China’s urbanization is focused on expanding its cities – there are lots of people, so you enlarge the city – and that expansion then attracts more people. This unlimited expansion causes more pollution, congestion and poor living conditions, threatening the natural and rural environment.

Urbanisation in China is different to that of developed countries. The nature of the population flow is different. When rapid urbanisation started in 1960s America, the country had a population of only 23 million. But China’s urbanisation has been a quick expansion of residential areas and transport infrastructure to envelop populations. In the next 25 years, 850 million rural residents will be relocated to the cities. The use of resources is also different. Materials for the United Kingdom’s urbanisation were supplied by its colonies worldwide, but China must rely on its own (non-renewable) sand, soil, stone and steel.

And so this rapid expansion is not feasible for China. We need smaller cities with a range of employers to attract rural labour. Green belts similar to those surrounding England’s cities should be used to protect the environment and limit urban expansion.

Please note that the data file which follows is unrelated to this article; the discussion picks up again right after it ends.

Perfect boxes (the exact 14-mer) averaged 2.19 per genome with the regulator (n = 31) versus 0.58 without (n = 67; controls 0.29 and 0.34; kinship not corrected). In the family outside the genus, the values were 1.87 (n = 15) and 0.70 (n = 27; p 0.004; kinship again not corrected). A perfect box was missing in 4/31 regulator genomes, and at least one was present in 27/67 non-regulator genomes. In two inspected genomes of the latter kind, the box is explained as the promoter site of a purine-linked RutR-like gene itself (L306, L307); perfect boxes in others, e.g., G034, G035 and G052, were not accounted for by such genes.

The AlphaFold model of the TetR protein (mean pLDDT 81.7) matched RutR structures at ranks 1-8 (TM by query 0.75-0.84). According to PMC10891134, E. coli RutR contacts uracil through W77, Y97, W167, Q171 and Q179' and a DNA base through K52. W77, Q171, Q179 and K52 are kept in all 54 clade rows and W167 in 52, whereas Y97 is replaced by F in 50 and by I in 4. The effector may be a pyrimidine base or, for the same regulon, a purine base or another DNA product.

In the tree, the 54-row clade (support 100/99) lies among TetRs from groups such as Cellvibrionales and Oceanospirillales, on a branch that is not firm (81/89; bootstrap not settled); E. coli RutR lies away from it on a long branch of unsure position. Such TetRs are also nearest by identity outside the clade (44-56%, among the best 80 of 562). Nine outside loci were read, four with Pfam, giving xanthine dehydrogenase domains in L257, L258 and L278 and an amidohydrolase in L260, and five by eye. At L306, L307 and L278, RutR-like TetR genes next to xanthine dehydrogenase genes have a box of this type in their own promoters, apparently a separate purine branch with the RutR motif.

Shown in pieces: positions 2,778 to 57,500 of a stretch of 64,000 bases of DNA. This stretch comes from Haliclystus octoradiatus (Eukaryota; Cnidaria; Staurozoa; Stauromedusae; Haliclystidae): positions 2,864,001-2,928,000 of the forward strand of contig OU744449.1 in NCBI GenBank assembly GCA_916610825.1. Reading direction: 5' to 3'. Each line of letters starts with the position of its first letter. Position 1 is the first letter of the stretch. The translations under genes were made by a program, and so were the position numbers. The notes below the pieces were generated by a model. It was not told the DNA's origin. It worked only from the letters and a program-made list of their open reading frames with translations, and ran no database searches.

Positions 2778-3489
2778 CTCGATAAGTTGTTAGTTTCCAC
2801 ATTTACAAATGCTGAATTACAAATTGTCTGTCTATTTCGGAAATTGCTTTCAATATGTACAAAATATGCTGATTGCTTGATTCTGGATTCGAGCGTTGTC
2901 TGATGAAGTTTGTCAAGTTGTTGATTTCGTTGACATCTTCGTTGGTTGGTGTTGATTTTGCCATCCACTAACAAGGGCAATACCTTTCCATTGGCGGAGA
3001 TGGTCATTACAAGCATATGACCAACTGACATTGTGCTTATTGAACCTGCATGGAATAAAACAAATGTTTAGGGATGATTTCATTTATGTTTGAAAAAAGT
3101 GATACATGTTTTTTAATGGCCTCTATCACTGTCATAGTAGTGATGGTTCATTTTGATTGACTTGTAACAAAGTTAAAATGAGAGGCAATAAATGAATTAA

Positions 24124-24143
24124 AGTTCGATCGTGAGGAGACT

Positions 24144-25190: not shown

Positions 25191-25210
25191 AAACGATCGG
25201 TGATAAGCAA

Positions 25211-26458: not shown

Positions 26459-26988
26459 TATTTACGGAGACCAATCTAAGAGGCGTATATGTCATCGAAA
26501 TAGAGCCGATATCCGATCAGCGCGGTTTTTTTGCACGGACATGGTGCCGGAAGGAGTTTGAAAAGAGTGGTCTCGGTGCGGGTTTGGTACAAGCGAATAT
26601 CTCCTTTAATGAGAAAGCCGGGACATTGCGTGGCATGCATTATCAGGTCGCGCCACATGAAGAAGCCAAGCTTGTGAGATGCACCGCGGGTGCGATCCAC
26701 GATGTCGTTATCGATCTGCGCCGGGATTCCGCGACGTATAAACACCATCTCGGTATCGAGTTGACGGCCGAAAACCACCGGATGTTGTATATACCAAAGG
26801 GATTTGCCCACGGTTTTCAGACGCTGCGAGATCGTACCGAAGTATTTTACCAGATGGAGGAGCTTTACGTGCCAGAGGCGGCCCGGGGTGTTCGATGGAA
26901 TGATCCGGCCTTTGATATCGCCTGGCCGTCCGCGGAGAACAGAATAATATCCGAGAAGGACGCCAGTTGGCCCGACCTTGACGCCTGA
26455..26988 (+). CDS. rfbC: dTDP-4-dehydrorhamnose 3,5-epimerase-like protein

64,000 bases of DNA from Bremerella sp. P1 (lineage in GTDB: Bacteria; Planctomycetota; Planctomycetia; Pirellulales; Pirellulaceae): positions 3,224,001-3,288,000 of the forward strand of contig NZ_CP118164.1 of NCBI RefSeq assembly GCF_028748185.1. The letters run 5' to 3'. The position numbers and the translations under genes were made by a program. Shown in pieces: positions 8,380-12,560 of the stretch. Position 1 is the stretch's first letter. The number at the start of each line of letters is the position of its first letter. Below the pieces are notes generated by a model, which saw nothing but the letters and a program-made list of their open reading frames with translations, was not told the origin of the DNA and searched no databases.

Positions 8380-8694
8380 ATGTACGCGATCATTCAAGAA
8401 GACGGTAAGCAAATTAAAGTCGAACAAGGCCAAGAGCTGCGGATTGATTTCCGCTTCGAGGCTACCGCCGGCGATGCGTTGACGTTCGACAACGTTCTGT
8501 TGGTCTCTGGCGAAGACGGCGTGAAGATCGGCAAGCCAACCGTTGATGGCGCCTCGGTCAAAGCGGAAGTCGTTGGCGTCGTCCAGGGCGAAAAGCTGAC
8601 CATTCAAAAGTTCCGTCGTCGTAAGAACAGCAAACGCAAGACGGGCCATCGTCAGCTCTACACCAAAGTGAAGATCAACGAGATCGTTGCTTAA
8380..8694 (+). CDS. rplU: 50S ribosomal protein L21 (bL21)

Solid, practical cities – not showpieces

The desire for the foreign is widespread. Traditional Chinese architecture is frowned upon, with US and European styles preferred. (Even the statues are bare-arsed Greeks.) Municipal leaders think it reflects better on them, and the city planners know where the money comes from. And in this rush for Roman plazas and European streets, China’s own traditional culture is lost and our cities all come to look the same.

Dreams of western lifestyles see the rich spending their money on large apartments or villas, which are eating up China’s parks and scenic areas. The well-known Fragrant Hills in Beijing are now surrounded by housing. Despite astronomical prices, supply can’t keep up with demand. Many are purchased merely as status symbols by people too busy to live there; they sit empty, as in a ghost town.